Kralupy nad Vltavou (north of Prague)
April 1, 1970
The barge was on fire.
Not that it wasn’t supposed to catch fire eventually, Karel noted, hurrying to stamp out his cigarette. But it was supposed to be a controlled burn. A final farewell. Long after the seedy thugs he’d hired had jumped down onto the barge from the bridge where he now crouched. Long after they’d pried open the hold with the crowbars and mystical charms Karel and his Flame colleagues had supplied. And long, long after they’d chiseled the Consortium of Ice’s frozen Hosts free and loaded them into the truck that even now sat, idling, near the docks. And it certainly wasn’t supposed to surge toward the heavens like an unholy combustion, devouring everything in its path.
No, this fire was nothing like the one Karel Hašek had planned. And it had come much too soon.
Karel swore under his breath. What the hell were those imbeciles doing? He rushed to the vantage point at the base of the bridge that spanned the narrow gap where the river Vltava twisted beneath the suburb of Kralupy nad Vltavou. The signal he’d been awaiting—a sharp whistle, a flicker of green on the charm clenched in his hand—wasn’t likely to come. Briefly, he sorted through his mental catalogue of charms and ritual components on his person, then muttered fuck it under his breath and brought the binoculars to his eyes.
Flames. Orange and red—and a sickly undertone of green—filled his vision. He staggered back, adjusted the binoculars’ focus. Now he could see the chaos filling the decks—Karel’s own men and the Ice guards both running, shouting, waving pistols and fire extinguishers, flames racing along a stack of wooden crates and lapping greedily at the wheelhouse. One of the thugs he’d hired raced past, his jacket consumed in that hungry green flame, and flung himself overboard into the Vltava. Karel cringed at the splash and plume of smoke that followed.
Shit. This fire was definitely not part of the plan, and if he didn’t get down there soon, they’d be lucky to collect any of the Hosts at all. But with the Ice running around in an uncoordinated flurry, when they had the advantage of the defensive position—
What was the Consortium of Ice doing? Had they known the Flame had planned to attack, and were trying to throw them off? Zerena was greedy, yes, but she wasn’t careless. She wouldn’t have agreed to this plan if she’d thought there was any chance Ice would be prepared for the raid. And anyway, there were only supposed to be two guards on the boat—just enough to steer it upriver, barely enough to even manage the boating functions, much less protect the precious cargo in the hold.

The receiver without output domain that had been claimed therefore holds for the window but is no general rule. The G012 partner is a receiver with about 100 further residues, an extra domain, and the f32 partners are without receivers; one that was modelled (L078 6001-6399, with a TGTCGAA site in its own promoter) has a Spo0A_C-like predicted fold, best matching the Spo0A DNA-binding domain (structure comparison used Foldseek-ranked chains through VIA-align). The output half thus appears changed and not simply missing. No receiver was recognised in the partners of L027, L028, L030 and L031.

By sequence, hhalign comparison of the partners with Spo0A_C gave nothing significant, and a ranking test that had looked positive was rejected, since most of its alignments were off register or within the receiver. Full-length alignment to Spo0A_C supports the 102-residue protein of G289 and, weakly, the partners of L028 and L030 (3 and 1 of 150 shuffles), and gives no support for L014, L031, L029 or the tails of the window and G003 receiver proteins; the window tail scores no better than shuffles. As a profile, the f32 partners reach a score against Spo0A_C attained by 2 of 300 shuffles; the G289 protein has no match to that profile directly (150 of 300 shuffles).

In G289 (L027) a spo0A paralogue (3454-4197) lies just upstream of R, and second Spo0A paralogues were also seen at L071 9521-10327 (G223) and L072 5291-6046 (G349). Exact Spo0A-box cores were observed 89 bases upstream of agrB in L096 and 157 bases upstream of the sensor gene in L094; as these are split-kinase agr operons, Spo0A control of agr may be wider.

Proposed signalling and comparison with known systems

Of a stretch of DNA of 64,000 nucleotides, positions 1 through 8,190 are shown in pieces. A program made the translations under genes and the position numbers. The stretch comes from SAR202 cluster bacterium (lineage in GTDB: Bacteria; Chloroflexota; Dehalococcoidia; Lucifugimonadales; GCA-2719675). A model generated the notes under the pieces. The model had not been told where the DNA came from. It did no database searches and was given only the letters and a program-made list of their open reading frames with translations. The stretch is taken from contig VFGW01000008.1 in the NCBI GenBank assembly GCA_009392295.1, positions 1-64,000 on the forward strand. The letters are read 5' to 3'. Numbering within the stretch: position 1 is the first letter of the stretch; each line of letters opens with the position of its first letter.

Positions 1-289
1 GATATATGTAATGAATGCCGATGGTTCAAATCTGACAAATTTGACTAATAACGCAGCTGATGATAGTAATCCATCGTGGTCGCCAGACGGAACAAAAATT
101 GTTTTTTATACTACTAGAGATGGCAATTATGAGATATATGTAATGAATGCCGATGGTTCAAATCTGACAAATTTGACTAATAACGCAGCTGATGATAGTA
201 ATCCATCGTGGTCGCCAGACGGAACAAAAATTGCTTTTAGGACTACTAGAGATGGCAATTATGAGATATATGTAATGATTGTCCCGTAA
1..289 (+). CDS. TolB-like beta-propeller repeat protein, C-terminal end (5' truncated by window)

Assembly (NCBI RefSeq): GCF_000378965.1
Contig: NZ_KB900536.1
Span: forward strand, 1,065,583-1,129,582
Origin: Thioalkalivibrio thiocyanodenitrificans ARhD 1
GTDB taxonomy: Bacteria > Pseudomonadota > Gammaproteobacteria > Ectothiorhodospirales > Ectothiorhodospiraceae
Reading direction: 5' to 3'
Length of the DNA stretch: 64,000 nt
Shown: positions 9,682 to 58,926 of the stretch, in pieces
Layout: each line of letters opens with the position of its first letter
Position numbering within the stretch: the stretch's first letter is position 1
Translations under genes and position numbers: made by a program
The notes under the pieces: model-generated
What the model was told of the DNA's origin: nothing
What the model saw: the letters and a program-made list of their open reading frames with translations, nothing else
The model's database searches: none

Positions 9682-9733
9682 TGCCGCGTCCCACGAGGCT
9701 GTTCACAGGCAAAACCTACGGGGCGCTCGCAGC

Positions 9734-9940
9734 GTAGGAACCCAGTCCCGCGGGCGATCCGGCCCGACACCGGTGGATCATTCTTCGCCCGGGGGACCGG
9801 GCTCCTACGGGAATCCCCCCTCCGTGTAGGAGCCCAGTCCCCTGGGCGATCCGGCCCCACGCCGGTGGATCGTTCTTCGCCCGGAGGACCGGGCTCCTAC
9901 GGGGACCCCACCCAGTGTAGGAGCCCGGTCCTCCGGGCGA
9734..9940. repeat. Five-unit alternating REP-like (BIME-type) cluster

A shot rang out, ricocheting against the embankment walls, smashing Karel’s last hope that maybe, just maybe, this catastrophe could be undone. Soon enough, they’d have the Státní bezpečnost police force swarming down on them. But if they could get away from the smoldering wreckage first, with at least some of the Hosts, like they’d planned . . .
He swung the binoculars toward the boat’s aft side, where Vladimir crouched over the locked hatch that led to the hold. Come on, Vladimir, get inside. Stick to the plan. A golden light swirled around the witch as he chanted and wove the distant ley lines’ energy into power. Then the hatch issued a cloud of white mist and, with a grin, Vladimir yanked it open.
Karel exhaled. All right. If they moved quickly enough, they might still salvage this mission. He tugged the belt on his trench coat tight and ran toward the center of the bridge, thumb running over the charm in his pocket, coaxing it to life.
More shots—three in a row, followed by sharp curses. All the flames were tinged in green now, and a heavy metallic stench flooded Karel’s nose. “Stop wasting bullets!” someone screamed. “Can’t you see they don’t work?”
Karel reached the bridge’s middle and swung himself up over the railing. The charm flared to life and enveloped him in a white flash.
With a thud, he crashed onto the barge’s deck. Far, far more heavily than he should have, with that charm. Karel toppled forward with a gasp. One ankle crunched uselessly beneath him as pain seared up his shins. He rolled onto his hands and knees to stagger to his feet, but his left ankle couldn’t support him. Hot pain radiated from it as he felt the bones shift and crunch.
The charm should have cushioned his fall—he’d charged it himself, had used just such a charm countless times in his service to the Flame. Did the Ice have some sort of shield to block his spell? Such a thing was rare, difficult to charge, even more difficult to arrange the ritual for, but it was always a possibility . . . Karel propped himself against the nearest crate, drew a fortifying breath, and limped toward the hatch. No time to wonder. If they were going to get the Hosts out before the entire barge was engulfed, they had to move now. He raised a hand toward Vladimir, who was inching his way down into the...